At 4 am there was a great gush of fluid from me. I was certain my waters had broken, so I woke hubby and we called the nurse. When she checked, she informed me it had not been my waters but blood. The lights went up, phone calls went out to the OB and the midwife, and the birth took on a much different feel. She checked me and despite my hours of pain I was only at about 3-4 cm dilated. I was very concerned about the blood, as there had been no explanation.  I asked hubby to call our doula back (poor thing had just gotten home when we called her) as I began to completely lose my composure. When our midwife arrived at 5 am, I was sobbing through my contractions and quite panicked. I was offered laughing gas to help with the pain. The way it was administered was via a tube with a long mouthpiece. When contractions come, I would breathe deeply both in and out of the tube, still moaning on the out-breath. It helped. I’m still not certain if it was the gas or simply the requirement that I focus so much on my breathing to get the gas into me that was the biggest help. But I calmed, and the tears passed. At around 6 am my midwife checked and we had some progress – I was now 5-6 cm dilated.

Before the midwife arrived, the hospital nurse kept pushing me back to bed. I tried walking, I tried leaning on the bed, and every time, she would come in and tell me to get back in bed, lay down,  rest.  This wasn’t my first birth, and I knew laying down was not the best place for me, but I complied mostly because the effort to argue with her was beyond me. When my midwife arrived, however, she got me out of bed.  We raised it and I leaned forward on it, resting my chest on the pillows and rocking from one foot to the other, breathing through my contractions, still with the laughing gas. Time became irrelevant again, I was simply focused on my task. My doula and my husband took turns placing cool cloths on my forehead, bringing me ice water, and putting lip balm on my lips. For the most part, nobody spoke, though between contractions I remember joking that a vasectomy clinic could open next door and do a very tidy business!

Eventually, the pain became unbearable again. Low moaning wasn’t helping, I was now moaning loudly and grunting to get through them. I asked for an epidural at around 7 am. My midwife said she would never deny anyone pain medication, but she wanted to review the risks with me. She slowly explained them, and I was frustrated that she was taking so much time – I just wanted the meds! She asked if she checked me and I had progressed would I change my mind. I insisted on the epidural and the nurse was sent to find the anesthetist. When she returned, she informed us that he had just gone into a c-section and would not be available for roughly 90 minutes but knew to come to us next. In retrospect, I think my midwife delayed intentionally. However, in retrospect, I think that’s OK – because I made it through what was next without the meds, and that made recovery a lot easier for me later.

Somehow I got through the next hour. I know I was yelling by this point. I know I was lost in the ‘flight or fight’ place in my head, desperate to end this pain. I remember asking to be killed. For some reason, everyone in the room thought it was funny, but I was serious. Looking back, I can see how vulnerable I was at this time, and how lucky I am that I was in the hands of excellent practitioners.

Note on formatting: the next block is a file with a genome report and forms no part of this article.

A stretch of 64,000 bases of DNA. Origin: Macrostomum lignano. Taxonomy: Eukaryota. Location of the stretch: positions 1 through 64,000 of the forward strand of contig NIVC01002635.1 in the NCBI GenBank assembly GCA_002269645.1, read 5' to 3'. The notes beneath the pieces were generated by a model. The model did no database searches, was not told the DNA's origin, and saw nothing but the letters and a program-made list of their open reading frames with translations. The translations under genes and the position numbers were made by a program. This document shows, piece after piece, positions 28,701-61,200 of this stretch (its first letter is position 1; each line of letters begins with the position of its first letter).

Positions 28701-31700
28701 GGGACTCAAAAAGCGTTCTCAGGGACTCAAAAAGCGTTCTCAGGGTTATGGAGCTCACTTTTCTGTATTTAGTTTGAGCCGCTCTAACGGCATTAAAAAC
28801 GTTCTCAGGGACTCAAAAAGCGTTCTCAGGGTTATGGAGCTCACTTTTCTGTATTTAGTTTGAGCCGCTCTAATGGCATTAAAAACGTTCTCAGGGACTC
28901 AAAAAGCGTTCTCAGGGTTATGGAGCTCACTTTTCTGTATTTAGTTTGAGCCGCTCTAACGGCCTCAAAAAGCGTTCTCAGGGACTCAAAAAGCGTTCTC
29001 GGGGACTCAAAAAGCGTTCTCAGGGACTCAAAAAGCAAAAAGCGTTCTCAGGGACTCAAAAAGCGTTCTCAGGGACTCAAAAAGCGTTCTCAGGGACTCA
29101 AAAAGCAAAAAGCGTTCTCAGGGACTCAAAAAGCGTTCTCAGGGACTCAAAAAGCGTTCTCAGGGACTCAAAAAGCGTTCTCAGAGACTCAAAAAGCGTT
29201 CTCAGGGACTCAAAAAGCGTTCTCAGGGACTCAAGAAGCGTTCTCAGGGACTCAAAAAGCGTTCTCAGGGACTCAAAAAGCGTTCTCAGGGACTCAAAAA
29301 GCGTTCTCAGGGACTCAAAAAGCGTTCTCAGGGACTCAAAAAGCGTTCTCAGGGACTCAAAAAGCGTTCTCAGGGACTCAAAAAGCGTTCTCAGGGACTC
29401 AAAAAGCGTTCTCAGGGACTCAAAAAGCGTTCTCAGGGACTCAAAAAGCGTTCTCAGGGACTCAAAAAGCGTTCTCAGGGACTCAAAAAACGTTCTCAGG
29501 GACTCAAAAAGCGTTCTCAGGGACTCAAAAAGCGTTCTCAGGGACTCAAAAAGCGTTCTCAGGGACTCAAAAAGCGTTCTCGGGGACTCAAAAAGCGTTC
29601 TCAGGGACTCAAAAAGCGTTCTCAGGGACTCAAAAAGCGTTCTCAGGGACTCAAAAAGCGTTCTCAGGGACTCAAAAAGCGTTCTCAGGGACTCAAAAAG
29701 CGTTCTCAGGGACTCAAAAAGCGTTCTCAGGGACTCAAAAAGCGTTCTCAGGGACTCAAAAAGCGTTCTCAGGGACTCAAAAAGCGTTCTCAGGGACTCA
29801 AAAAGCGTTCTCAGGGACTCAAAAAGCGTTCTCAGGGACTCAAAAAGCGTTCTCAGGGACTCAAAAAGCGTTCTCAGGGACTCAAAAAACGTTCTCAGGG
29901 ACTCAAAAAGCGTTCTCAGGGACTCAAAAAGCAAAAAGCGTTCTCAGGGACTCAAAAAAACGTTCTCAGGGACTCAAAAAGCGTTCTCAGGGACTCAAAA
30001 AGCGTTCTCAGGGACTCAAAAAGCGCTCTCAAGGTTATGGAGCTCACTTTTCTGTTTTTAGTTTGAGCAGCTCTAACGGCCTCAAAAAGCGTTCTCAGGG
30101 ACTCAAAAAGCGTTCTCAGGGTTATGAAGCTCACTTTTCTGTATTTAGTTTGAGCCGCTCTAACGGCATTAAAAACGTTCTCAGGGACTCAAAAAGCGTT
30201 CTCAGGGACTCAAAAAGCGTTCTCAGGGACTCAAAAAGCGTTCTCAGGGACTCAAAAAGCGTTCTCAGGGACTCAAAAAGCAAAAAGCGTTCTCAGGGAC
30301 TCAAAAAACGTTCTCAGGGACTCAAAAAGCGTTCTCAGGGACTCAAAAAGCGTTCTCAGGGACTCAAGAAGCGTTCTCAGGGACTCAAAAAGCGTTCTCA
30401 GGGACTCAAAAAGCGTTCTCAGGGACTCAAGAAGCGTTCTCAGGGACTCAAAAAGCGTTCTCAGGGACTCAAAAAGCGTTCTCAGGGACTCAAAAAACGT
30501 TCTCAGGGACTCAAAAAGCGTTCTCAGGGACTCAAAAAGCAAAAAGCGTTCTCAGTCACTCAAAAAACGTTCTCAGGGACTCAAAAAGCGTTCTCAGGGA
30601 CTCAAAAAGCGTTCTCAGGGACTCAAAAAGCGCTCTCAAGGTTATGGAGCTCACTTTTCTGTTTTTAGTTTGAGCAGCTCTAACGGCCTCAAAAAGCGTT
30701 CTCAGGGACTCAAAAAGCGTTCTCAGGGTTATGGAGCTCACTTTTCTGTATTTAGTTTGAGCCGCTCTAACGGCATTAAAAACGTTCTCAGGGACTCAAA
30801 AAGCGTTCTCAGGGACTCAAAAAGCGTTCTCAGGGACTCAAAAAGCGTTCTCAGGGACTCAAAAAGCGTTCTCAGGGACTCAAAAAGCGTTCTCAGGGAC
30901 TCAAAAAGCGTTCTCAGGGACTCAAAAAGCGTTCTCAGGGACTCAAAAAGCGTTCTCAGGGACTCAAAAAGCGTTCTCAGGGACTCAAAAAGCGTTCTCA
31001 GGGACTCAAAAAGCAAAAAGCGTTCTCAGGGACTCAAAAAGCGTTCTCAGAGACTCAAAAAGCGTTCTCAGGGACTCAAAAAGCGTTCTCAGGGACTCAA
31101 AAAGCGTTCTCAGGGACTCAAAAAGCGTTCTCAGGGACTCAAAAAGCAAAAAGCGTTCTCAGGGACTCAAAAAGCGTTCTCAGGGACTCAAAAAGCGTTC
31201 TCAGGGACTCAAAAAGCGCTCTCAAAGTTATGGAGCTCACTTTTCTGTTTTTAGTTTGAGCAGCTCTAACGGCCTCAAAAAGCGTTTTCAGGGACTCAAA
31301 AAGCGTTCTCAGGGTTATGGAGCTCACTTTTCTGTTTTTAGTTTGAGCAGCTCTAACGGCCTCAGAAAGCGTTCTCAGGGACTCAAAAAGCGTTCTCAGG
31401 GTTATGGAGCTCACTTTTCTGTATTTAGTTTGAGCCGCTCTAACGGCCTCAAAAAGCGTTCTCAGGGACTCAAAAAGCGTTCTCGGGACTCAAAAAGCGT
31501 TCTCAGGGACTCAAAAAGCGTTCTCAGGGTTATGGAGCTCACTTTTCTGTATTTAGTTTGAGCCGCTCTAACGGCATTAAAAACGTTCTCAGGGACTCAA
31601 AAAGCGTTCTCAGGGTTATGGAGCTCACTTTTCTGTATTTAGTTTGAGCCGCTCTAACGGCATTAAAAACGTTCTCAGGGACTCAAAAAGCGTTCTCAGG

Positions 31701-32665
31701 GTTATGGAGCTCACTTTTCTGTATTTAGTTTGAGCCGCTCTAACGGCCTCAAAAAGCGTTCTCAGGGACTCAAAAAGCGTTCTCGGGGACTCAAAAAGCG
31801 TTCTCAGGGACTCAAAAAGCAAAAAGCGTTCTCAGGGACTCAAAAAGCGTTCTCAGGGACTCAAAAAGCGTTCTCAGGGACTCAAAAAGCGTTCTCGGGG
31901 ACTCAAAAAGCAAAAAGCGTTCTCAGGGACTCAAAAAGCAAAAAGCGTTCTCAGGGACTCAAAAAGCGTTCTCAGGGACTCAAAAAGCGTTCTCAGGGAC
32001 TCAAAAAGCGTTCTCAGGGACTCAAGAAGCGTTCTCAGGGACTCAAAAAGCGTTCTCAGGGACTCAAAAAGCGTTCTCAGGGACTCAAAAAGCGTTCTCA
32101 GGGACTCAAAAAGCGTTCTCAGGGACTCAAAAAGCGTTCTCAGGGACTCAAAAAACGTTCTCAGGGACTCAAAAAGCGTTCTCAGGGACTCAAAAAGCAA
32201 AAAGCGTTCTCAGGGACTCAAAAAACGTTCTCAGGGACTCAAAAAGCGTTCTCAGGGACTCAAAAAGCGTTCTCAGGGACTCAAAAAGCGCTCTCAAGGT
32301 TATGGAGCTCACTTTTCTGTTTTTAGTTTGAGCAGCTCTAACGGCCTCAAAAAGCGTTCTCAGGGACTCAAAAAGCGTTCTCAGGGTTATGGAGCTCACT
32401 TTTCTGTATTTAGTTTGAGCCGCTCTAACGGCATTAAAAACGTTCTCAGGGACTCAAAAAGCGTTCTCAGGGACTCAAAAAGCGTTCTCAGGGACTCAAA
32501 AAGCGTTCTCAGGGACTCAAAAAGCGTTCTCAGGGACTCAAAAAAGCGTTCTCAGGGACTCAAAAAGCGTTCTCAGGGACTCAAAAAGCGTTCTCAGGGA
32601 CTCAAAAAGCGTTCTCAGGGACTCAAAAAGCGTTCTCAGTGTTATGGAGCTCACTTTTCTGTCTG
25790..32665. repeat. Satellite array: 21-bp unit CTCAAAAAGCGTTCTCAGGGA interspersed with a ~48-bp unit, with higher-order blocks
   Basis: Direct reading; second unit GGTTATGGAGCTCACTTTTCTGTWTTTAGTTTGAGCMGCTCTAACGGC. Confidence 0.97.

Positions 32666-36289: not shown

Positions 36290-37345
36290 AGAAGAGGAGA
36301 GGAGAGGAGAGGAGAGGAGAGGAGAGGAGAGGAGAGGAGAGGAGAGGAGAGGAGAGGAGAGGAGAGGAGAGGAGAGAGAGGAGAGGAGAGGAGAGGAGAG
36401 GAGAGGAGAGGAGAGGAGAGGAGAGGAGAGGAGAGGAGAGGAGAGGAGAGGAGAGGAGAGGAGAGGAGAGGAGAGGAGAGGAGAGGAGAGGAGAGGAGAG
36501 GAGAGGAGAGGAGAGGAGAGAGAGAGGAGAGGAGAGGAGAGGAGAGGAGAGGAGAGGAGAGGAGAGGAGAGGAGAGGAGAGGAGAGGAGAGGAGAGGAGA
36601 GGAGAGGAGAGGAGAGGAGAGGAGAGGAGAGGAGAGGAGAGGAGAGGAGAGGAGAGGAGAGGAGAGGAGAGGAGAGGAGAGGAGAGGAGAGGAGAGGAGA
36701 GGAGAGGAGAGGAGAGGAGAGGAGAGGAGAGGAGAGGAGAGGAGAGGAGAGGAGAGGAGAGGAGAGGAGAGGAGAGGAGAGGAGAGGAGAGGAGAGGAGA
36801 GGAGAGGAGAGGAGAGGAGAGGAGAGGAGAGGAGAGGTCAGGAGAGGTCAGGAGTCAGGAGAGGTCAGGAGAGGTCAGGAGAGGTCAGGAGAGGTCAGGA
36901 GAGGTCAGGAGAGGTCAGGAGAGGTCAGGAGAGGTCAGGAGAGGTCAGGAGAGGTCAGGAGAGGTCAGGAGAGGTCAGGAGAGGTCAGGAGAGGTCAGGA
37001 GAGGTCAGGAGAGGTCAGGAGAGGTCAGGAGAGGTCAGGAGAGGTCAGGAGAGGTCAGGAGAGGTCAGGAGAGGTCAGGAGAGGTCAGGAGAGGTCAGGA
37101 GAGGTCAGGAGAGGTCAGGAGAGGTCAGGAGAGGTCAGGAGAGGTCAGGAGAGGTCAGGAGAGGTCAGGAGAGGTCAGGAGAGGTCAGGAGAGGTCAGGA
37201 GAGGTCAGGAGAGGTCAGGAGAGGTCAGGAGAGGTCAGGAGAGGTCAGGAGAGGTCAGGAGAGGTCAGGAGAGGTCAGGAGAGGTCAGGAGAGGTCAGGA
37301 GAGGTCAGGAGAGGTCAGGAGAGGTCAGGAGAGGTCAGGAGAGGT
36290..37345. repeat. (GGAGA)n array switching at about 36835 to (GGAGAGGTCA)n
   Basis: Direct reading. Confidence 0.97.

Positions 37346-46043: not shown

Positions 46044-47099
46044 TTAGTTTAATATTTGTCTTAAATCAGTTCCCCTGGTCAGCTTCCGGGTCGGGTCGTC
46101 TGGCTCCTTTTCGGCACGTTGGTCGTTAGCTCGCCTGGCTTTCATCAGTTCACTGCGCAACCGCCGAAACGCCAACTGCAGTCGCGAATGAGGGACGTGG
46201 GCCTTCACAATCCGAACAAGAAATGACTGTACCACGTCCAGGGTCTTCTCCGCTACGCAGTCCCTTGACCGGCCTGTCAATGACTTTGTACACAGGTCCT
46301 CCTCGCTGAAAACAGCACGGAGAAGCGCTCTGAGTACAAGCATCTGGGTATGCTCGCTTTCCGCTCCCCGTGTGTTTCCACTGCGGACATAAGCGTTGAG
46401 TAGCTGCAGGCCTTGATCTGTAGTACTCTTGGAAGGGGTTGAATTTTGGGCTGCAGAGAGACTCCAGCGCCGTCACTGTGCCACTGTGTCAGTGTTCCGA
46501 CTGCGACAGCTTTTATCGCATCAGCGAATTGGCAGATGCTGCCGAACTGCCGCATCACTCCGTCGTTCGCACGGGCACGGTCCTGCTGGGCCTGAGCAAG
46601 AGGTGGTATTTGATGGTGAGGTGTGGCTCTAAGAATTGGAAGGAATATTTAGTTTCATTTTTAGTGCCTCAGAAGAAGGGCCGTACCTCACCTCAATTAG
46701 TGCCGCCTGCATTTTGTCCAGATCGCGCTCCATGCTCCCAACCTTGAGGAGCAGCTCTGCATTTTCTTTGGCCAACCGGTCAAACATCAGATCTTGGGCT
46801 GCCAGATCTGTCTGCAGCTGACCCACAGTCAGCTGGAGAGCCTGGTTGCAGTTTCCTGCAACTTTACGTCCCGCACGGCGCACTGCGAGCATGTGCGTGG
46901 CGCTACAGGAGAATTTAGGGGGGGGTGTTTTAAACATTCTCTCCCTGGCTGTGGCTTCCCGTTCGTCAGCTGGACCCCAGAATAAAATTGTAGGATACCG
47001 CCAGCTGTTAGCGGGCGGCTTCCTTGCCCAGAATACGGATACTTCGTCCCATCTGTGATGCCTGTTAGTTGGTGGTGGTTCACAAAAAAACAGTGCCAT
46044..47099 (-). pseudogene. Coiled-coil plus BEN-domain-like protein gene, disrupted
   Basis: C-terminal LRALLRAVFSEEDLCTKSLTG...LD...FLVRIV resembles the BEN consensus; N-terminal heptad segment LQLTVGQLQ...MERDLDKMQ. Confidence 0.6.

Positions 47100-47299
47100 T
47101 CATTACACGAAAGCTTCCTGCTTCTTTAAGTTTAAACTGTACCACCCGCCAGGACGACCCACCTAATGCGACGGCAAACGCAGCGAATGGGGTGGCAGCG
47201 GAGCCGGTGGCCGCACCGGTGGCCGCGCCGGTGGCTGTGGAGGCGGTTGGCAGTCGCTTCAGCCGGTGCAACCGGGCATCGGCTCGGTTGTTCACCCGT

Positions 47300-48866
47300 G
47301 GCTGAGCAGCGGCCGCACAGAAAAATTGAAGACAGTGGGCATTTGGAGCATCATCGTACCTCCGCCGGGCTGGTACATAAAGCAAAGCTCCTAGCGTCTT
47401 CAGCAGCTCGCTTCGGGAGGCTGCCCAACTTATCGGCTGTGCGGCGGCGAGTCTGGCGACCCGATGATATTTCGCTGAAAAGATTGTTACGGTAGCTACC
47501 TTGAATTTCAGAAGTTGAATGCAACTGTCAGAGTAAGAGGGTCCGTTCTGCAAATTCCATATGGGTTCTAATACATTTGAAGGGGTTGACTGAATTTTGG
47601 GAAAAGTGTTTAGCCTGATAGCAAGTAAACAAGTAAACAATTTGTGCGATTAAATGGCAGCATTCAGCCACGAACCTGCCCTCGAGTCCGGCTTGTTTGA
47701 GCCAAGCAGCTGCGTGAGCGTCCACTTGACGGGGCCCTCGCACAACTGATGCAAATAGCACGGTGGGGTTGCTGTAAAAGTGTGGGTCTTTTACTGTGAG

Sometime near 8 am, in desperation, I asked to be checked again. I was 7-8 cm dilated. My midwife tried to assure me that this was good progress (looking back, I can see that it was) but I did not agree. I  had noticed I was dilating about a cm an hour, and the thought of two more hours of this kind of pain was unbearable. I was panicked. She mentioned that she could feel a pocket of fluid, and she said, ‘I think if I broke your waters, you’d have a baby.’ My reply: Do that. Please.

Waters must be broken during a contraction, I learned. I don’t know why, but so it is. The midwife asked the nurse to prepare what looks like a long crochet hook, which took a few minutes, and then we waited for a contraction. The process was painful, but it didn’t really matter, I was in so much pain already. At 8:20 am my waters were broken, and the nurse left the room again. The midwife explained that with every contraction now there would be pressure, and to let my body do what it needed to do. It felt like forever waiting for a contraction, like time had stopped, and yet the anticipation built. And when it came, it tore me apart. The pain … indescribable. A brief break, then another, the pain and pressure building. I’m sure I was screaming. On the next contraction, my body pushed. I say my body did it because it came through me, a force I could not have stopped if I tried. My midwife sent the doula running for the nurse – nobody had expected baby to come so soon!

‘I can see your baby’s head,’ she said, but I knew. I could feel it there. Time froze and I lay there waiting, with baby’s head partway out, knowing another contraction was coming, and idea I both welcomed and was terrified of at the same time. It occurred to me I could assist, so when the next contraction brought more pushing I added my own push too, and with one effort, one gush, one amazing sense of relief, I could hear the crying.

He came out crying, arms flailing and legs kicking. He came out waxy and white from vernix. He came out perfect. And he came out tiny (to me! my last baby had been almost 10 pounds!). I sobbed and I reached for him, then he was on my chest and his daddy, with tears in his eyes, kept saying, ‘He’s here! He’s here! Honey, you did it! He’s here!’

9 minutes, I’m told. That interminable time between breaking the water and delivering my son was 9 minutes. 9 minutes to birth him after 9 months of growing him. There’s something beautiful in that. And there’s a lot beautiful in my labour and his delivery. My fears – of back to back contractions and complications and c-section that could stem from an induction – none of them had come to life. I had had a beautiful birth – even medicine free (though I can’t brag, I begged for it, it simply wasn’t there.) Induced births can be beautiful, they don’t have to be scary. Yes, I was in pain, and yes, when I was at the end I panicked, but that’s normal and expected for births, that wasn’t caused by the induction. My hope is that mums who are feeling afraid right now, who like me are searching the internet for scraps of hope when facing down a induction will read this. Your birth can be beautiful too.

There’s more to our story. I’ll tell it soon.